In a leafy suburb of Cape Town, luthier Brian Lisus embarked on a remarkable journey that fused music, collaboration, and charity. Inspired by the joint Nobel Peace Prize awarded to Nelson Mandela and F.W. de Klerk in 1993, Lisus conceived the idea of creating a quartet of instruments to honour these Nobel laureates, along with Albert Luthuli and Archbishop Desmond Tutu. After years of setbacks, Lisus finally found funding to bring his vision to life, resulting in the birth of the Quartet of Peace.
The Quartet of Peace quickly grew beyond the making of four instruments. Lisus collaborated with an international network of musicians and facilitators, organising a series of charity concerts to showcase the quartet's melodic power. With the help of London-based South African composer Eugene Skeef, the inaugural concert took place at Kings Place in London. The quartet, comprising David Juritz, Peter Martens, Suzanne Martens, and Gareth Lubbe, all talented South African musicians, was quickly assembled.
Following the success of the initial concert, more performances were scheduled at prestigious venues, including the Endler Hall in Stellenbosch, Leipzig's St. Thomas Church, and Picasso's former studio in Paris. The program featured pieces by Mozart, Ravel, and Bach, alongside Skeef's composition, Uxolo, meaning forgiveness in Zulu and Xhosa. The concerts supported various charities, including Musequality and Peace Strings, bringing music projects and the joy of music to underprivileged children.
Creating the Quartet of Peace was an experimental endeavour for Lisus, as he had never made a quartet before. Embracing the spirit of collaboration, one of Lisus's students assisted with the instrument's making, and jeweller Sharon Peddie crafted the scrolls. Lisus's instinctive approach to violin making, relying on his visual ability and a focus on achieving a warm and sweet quality, resulted in unique instruments that possessed their own identities.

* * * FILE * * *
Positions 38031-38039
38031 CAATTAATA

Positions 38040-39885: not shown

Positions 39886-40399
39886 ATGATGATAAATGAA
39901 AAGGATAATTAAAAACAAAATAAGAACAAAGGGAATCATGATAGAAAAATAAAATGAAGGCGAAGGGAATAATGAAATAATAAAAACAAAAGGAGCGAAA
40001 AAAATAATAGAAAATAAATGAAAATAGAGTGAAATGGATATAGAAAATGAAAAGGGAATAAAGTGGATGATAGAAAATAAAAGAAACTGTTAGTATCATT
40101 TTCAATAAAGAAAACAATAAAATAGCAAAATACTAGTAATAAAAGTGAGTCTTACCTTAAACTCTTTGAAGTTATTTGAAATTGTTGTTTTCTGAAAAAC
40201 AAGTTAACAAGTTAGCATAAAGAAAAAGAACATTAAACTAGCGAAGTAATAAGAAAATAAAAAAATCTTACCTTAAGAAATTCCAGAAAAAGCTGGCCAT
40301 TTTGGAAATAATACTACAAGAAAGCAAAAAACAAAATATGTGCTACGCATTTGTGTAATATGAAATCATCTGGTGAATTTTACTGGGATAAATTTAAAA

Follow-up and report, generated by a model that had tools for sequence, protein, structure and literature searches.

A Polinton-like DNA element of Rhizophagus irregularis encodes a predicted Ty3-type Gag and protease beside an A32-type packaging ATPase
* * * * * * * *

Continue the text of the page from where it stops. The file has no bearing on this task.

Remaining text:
Each instrument in the quartet carries a different inscription on the back: 'Freedom,' 'Peace,' 'Reconciliation,' and 'Hope.' These inscriptions reflect the essence of the Nobel laureates they honour and serve as a testament to their enduring legacies. The quartet's distinct appearances perfectly align with their dedication to four extraordinary personalities.
The Quartet of Peace exemplifies the power of music to transcend boundaries and promote reconciliation. Brian Lisus's unwavering dedication, along with the collaborative efforts of musicians and facilitators, has created a project that combines artistry, philanthropy, and the universal language of music. As the quartet travels the world, it not only resonates with the harmonies it produces but also serves as a symbol of hope, peace, and unity in a world that greatly needs them.
You can read the full article of 'A luthier's tribute to Nelson Mandela' on https://www.thestrad.com/a-luthiers-tribute-to-nelson-mandela/232.article